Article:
Puella Magi Madoka Magica The Movie: Rebellion has been accused of this due to the writer being told to write an open-ended conclusion in order to potentially continue the show (rather than the conclusive ending he planned on). However, while the basic plot was in place at that point, the entire script had yet to be written. It wasn't until the writer was given a suggestion for the ending by the director that the plot was finalized. This has lead to some of the Fan Dumb believing the writer was forced to change the ending against his will late into the production and half-heartedly shoving in an Ass Pull ending, despite the Madoka Magica series being a collaborative project.
The executive meddling in The Nineties English dub of Sailor Moon resulted in the transformation of the lesbian couple Haruka and Michiru into the implied incestuous lesbian couple Amara and Michelle by making the two cousins in an attempt to get rid of any homosexuality. The dubbers did make them cousins, but didn't bother to remove any of the romantic implications between them, possibly as a Take That to the executives. On the other hand, Sailor Moon owes its very existence to executive meddling. When creator Naoko Takeuchi was trying to think of a new series, it was her editor who suggested the heroines wear sailor suits (he had a thing for them) and thus began Codename: Sailor V. However, they had a fight over the length of the skirts — her editor wanted longer skirts, but Takeuchi fought for the short length they have today.
Also, on the Topic of Sailor V, it was meant to be a 1 shot comic that became popular and was continued. When Toei got wind of it and wanted to make it into an OVA, she was asked to expand it into a team format. Sailor Moon was soon created and V was made into a member of her team under the name Sailor Venus. Due to Moon's quick popularity, the OVA starring Sailor V was never made and her series was wrapped up after Sailor Moon's despite being much shorter.
Moreover, Takeuchi originally only planned the manga to last one year, and the anime was also intended to only be a 46 episode series, ending with the deaths of the main characters at the end of the Dark Kingdom arc. The popularity of the franchise led to the anime getting more series and naturally, Takeuchi being required to keep stretching out her storyline from series to series.
When DiC got ahold of Sailor Moon, they decided to jumble up the episode sequence a bit, by airing the original season, then jump to the second half of Sailor Moon R before heading back to the first as a mini-series called "The Doom Tree Saga". Nice plan, only there's the problem that "The Doom Tree Saga", despite being filler, explained how everyone returned to normal after the end of the first season. This only lasted one run before the "The Doom Tree Saga" was restored to its rightful position.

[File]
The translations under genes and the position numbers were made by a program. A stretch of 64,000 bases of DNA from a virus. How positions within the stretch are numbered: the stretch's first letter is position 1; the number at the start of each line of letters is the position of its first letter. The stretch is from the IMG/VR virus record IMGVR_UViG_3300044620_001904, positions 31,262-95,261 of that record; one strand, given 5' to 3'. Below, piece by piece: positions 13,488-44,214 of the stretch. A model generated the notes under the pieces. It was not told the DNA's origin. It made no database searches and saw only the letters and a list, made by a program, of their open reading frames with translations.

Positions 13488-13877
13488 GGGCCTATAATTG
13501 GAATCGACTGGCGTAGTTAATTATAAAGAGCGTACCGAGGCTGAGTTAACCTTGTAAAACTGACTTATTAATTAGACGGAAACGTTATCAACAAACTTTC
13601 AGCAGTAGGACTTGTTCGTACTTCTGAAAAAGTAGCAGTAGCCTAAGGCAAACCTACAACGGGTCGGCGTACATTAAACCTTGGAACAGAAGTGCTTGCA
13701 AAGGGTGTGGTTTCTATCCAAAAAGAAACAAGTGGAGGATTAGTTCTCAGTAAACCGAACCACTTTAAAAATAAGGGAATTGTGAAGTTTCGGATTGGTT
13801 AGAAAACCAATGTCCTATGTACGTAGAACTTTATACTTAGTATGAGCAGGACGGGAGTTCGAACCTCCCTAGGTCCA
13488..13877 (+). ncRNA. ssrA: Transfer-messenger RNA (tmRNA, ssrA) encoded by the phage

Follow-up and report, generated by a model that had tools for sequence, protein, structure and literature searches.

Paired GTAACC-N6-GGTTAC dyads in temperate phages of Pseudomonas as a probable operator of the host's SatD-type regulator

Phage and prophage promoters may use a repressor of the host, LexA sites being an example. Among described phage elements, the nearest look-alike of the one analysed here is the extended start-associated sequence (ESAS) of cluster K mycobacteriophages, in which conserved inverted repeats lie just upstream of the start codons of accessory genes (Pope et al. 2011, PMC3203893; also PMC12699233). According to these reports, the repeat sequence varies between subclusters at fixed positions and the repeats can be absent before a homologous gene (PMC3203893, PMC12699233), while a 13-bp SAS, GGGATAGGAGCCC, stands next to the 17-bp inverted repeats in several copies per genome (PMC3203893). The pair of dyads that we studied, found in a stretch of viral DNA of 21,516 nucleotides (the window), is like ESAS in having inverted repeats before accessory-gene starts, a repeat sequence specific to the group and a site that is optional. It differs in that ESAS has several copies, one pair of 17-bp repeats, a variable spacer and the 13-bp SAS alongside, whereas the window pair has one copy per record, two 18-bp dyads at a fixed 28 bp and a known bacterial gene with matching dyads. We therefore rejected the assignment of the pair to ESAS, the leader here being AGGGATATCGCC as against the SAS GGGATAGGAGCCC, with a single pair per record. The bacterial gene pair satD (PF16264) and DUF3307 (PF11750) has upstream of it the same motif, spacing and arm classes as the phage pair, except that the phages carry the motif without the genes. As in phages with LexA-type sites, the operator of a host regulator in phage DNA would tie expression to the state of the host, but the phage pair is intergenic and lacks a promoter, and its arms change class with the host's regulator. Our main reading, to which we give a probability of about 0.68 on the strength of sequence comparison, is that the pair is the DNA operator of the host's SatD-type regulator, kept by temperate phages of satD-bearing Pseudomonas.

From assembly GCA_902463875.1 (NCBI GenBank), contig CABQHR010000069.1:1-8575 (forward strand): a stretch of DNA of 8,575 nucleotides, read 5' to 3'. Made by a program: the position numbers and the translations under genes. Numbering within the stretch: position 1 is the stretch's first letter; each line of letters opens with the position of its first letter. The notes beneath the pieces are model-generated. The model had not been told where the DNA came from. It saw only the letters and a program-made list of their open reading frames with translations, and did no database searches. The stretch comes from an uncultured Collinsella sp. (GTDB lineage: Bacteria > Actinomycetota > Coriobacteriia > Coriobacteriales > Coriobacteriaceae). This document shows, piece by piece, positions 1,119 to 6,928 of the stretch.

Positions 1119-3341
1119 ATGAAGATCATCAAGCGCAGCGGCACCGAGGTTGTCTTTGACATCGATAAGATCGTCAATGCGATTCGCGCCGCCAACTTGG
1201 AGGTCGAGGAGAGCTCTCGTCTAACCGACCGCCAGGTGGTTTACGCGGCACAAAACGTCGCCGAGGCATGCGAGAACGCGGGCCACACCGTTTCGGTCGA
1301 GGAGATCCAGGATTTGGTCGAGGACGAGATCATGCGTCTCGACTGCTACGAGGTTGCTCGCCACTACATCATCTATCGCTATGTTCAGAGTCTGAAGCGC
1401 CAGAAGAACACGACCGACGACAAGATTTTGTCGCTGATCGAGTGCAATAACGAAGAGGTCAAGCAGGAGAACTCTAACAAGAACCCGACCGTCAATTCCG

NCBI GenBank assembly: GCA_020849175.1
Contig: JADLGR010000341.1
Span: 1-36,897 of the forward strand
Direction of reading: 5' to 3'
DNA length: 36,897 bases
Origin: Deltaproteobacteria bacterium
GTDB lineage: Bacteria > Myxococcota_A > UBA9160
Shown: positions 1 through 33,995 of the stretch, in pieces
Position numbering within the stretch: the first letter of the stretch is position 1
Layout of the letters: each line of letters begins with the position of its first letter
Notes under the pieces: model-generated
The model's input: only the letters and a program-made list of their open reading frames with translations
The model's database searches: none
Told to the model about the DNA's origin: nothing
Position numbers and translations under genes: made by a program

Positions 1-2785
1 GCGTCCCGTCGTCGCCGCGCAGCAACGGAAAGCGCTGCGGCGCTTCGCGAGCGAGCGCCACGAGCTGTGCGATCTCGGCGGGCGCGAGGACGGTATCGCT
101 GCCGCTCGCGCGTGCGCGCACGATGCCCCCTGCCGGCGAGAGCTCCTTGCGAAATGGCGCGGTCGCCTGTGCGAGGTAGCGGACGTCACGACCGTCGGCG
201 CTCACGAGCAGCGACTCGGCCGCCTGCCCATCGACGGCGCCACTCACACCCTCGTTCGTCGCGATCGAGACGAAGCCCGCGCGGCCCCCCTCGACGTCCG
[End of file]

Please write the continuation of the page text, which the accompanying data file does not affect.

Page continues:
There's also the anime adaptation of Sailor Stars. Toei changed the Sailor Starlights from women who dress in drag to full-out gender benders who are men in their civilian forms and become women when they transform. They also get ascended to main character status, while they stayed supporting characters in the manga. The ending was also changed rather drastically, with Chibichibi's role being completely re-written and Sailor Cosmos never appearing at all. Needless to say, Naoko Takeuchi was not pleased with the changes.
In the most recent print of the manga, the author added some Yonkoma at the end of every volume, explaining how she came with some of the ideas that made it into the final version, some of them are about how she originally intended things to be drastically different until her editor, Osa-P, told her to do some changes, for example, the manga was going to be even Darker and Edgier than it is (Compared to the Anime adaptation) as she planed to get the Sailor Senshi killedpermanently at the end of the first act, including an early and graphic death for Sailor Mercury. Maybe those changes were for good as Sailor Mercury became one of the most popular characters in Japan and the series grew into one of the most commercially successful animes of all time. Also, Sailor Mercury was going to be an android or a cyborg, something that was later used for Hotaru/Sailor Saturn.
Saint Seiya ended prematurely because of this. It was planned to have two more big story arcs which would focus more on the Gold Saints, but the series was canceled and it took the anime more than ten years to finish afterward.